Three Fall Dinners

I love roasted vegetables. Love, love, love them. It’s not quite cool enough for that yet (although we did have a delightfully fall-like First Day of Fall). With temperatures in the 90s this week, I think I’d rather hold off.

But I do have a few fall dinner dishes that are easy to cook and don’t make me feel like I’ve heated up the entire house. Some of them are soups. There’s very little measuring in these recipes.

One of my standbys is black bean soup. I once had a co-worker who ate black bean soup every day. I’m not at that point, but I do like to have the ingredients for this one around: diced onion, diced carrots, a can of black beans, vegetable broth, and a variety of spices. I saute the onions and the carrots in olive oil, rinse and drain the black beans, saute them with the onion-carrot mixture, add the broth and some water, season, and simmer for at least an hour. Then I blend it with the immersion blender.

It’s not very photogenic, so there’s no photo. It is delicious, though.

A new introduction is corn chowder. This may sound like it should be a standby, but I haven’t made it regularly in the past. This month, though, I came up with a recipe that I love and can easily make after I get home from work. Saute onions and then carrots in olive oil, dice a couple of small potatoes and mix them in, add vegetable broth and water, simmer until the potatoes are done, lower the heat a bit and add frozen corn and some half-and-half, and continue cooking until those ingredients are heated through. Somehow this winds up tasting buttery. I don’t know exactly why, but it does, and I’m happy about it.

Blue bowl with corn chowder

This next one I cook year-round. It makes me think of fall in the fall, but it is also a great summer recipe, so whatever. There is no sauce easier than Marcella Hazan’s Tomato Sauce. If you haven’t made it, you may be skeptical about it: A can of whole, peeled tomatoes; half a stick of butter; an onion sliced in half; a bit of salt. Remove the onion and blend the remainder. That’s it. You think it needs basil and oregano and pepper and more. It doesn’t. You just put this on top of pasta and eat. I’m not saying you’re going to replace your regular recipe with this one–but, actually, I did.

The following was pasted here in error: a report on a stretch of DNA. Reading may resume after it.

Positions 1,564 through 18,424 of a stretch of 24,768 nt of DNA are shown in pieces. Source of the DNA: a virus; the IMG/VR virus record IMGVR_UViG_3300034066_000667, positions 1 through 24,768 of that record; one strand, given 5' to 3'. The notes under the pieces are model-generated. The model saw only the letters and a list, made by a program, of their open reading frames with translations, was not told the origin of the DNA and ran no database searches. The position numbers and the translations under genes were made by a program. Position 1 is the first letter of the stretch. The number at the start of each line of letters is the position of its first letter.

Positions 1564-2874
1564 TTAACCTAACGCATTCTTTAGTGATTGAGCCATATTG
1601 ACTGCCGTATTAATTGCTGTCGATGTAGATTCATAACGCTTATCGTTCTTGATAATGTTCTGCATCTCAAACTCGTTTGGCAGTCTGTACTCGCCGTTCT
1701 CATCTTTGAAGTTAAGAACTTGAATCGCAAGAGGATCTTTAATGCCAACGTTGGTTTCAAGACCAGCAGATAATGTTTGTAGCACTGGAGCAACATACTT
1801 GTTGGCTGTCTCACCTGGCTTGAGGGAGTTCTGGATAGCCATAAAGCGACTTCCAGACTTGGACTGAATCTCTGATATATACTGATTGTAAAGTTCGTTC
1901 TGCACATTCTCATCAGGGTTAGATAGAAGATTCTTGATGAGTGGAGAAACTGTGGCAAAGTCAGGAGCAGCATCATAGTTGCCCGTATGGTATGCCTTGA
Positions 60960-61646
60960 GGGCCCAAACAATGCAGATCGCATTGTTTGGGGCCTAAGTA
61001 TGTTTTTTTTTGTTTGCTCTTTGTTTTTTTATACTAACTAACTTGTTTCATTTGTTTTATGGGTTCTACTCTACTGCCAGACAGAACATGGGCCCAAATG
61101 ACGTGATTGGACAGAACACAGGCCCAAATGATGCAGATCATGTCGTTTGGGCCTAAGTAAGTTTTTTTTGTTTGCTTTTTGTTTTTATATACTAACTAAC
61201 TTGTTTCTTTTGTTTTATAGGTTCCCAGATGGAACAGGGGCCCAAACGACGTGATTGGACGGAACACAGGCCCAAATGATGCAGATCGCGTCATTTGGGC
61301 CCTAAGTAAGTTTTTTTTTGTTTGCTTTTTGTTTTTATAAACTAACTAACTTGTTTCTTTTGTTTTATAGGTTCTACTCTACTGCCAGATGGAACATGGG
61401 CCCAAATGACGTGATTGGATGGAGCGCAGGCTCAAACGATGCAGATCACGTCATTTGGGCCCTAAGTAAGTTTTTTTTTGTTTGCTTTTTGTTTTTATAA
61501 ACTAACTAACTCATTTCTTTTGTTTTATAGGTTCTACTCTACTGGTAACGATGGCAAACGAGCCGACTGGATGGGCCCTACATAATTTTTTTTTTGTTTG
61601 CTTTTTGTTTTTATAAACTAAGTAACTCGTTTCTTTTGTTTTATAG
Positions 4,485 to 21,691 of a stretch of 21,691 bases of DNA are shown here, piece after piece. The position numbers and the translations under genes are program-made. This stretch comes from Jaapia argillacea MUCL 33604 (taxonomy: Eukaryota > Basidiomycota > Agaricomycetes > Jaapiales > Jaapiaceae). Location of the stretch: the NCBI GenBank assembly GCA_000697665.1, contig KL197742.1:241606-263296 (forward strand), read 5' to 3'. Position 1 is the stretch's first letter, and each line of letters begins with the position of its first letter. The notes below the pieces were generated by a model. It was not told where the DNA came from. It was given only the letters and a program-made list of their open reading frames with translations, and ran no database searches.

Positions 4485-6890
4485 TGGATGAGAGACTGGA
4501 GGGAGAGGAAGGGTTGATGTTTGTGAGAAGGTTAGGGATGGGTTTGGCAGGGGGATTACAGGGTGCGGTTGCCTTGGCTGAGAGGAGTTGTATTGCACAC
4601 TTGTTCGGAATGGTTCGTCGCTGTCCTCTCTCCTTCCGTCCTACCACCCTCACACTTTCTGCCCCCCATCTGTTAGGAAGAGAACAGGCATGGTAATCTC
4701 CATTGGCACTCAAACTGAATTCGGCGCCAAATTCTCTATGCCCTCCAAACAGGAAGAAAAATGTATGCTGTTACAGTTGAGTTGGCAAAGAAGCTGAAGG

Oh, and one more thing. Read labels and buy the low-sodium version of everything. You can add your own salt.

Bowl of rotini with Marcella Hazan's tomato sauce and parmesan

Beyond these? I’ve got a whole Pinterest board of recipes I hope to actually try, whether or not it’s fall. Maybe someday.

Mom-Friendly Meals: Grilled Sausage and Potatoes, with Broccoli

We seem to be having an Endless Summer in California right now, even if you’re not a surfer. But that doesn’t even matter, because in California, grilled food is a year-round option.

What’s easier than grilling? Grilling using foil packs.

Two layers of foil. Potatoes sliced into 1/4-inch rounds (no need to peel them–just scrub well). Minced garlic and a mixture of butter and olive oil. Oh, and fresh rosemary, because our house came with a rosemary bush so enormous that there’s no using it up. But the dried stuff will work, too.

Wrap up that foil tightly and put the pack (or packs) on the grill for 25 minutes over a medium-high heat. Toward the end, put some sausages on the grill and cook for 5 minutes (these were pre-cooked sausages), turning occasionally.

Meanwhile, put broccoli florets and some salt and pepper into a steamer, and steam for six minutes.

Sausage and potatoes with broccoli

Enjoy.

Oh, and set some aside for leftovers. Instant lunch.

Mom-Friendly Meals: Shrimp and Potatoes in Garlic Butter